Seitel's amended Offer included a number of customary conditions, including that a minimum of 66-2/3% of Shares be tendered to the bid and that the Rights Plan be cease-traded or otherwise terminated. However, Seitel maintained its ability to waive the minimum 66-2/3% tender condition and take up and pay for any number of deposited Shares, even where such number would not represent a majority of the outstanding Shares, and refused to make such condition unwaivable. The Board feared that a large minority ownership position would allow Seitel to effectively control the Board and be in a position to dictate Pulse's business plan. In its communications with Shareholders, the Board alleged that Seitel intended to effect a creeping take-over in which it would acquire effective control of Pulse through multiple minority purchases without paying an appropriate control premium. As evidence of this strategy, the Board pointed to Seitel's refusal to commit not to waive its 66-2/3% minimum tender condition and its threat to eliminate the payment of quarterly dividends following the completion of its bid.

The Board also alleged that Seitel was attempting to coerce Shareholders into accepting an inadequate offer by claiming that the Board and management were not properly advising Shareholders, communicating that the Offer was its "best and final offer" and notifying Shareholders that its affiliates intended to sell all of their Shares (a 13% block) on the open market if the Offer was not accepted.

The Rights Plan


As is common, the Rights Plan provided that for the Offer to qualify as a "permitted bid" and not trigger a dilutive issuance of rights to the existing Shareholders, the Offer must provide that (i) at least 50% of the Shares held by disinterested Shareholders must be tendered before the Offeror can take up tendered Shares and (ii) Shareholders who do not initially accept the Offer will be given an opportunity to change their minds and subsequently accept if the 50% threshold is met. The Rights Plan was designed to block what the Board saw as a potentially coercive and creeping bid.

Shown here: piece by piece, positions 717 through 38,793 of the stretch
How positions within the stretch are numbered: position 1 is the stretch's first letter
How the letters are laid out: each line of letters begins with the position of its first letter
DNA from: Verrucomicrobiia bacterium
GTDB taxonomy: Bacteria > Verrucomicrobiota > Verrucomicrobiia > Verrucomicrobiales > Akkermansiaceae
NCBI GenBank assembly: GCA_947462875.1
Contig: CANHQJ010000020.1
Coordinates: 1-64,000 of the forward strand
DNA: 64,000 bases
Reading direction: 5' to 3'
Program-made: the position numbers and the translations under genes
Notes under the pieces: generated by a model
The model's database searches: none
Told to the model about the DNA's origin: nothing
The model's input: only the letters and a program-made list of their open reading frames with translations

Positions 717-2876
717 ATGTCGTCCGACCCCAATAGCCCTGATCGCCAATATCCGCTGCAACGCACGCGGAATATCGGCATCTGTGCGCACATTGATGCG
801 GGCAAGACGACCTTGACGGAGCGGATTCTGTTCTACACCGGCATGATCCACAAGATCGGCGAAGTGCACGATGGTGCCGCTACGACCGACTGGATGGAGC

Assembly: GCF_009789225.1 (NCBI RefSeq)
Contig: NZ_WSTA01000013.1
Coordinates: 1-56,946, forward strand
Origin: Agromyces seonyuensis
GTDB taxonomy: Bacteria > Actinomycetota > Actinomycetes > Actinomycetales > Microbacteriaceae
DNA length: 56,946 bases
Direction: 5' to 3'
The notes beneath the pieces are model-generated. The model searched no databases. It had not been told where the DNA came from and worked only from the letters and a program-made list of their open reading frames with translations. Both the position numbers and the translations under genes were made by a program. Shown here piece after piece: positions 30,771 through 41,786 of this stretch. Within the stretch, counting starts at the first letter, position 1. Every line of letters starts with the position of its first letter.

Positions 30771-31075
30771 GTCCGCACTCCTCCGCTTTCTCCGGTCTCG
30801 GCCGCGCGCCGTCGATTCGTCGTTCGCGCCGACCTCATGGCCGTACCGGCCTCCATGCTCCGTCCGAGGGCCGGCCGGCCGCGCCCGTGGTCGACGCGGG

In an unusual strategy, immediately following the adoption of the Rights Plan, the Board called a special meeting of Shareholders on an expedited basis to approve the Rights Plan in the face of the Offer. On September 21, 2007, the Rights Plan was ratified and approved by Shareholders. Over 56% of all outstanding Shares were voted at the meeting, 77% of which were voted in favour of the Rights Plan (98% excluding Shares owned by affiliates of Seitel). Seitel then brought an application to the ASC for an order that the Rights Plan be cease-traded.

ASC Decision


In a surprising move, the ASC dismissed Seitel's application, finding that, in the circumstances, permitting the Rights Plan to continue was in the best interests of Shareholders.

The position advanced by Seitel, and supported by ASC Staff, was that the Rights Plan had been implemented to maximize shareholder choice and value. However, since ample time had passed with no evidence to suggest that continuing the Rights Plan would result in alternative offers for Pulse, permitting the Rights Plan to continue would deprive Shareholders of their right to choose whether to accept the Offer, which would not be in the best interests of Shareholders. This position was supported by numerous precedents.

Pulse responded that the issue was not whether the time had come for the Rights Plan to be discontinued, but rather whether shareholders have the right to implement a rights plan that would prevent creeping or coercive take-over bids. Pulse emphasized that the very recent approval of the Rights Plan by an overwhelming majority of Shareholders was a manifestation of the will of the Shareholders to prevent creeping take-over bids by acquirors generally, including Seitel, and demonstrated that the continuation of the Rights Plan was in the best interests of Shareholders.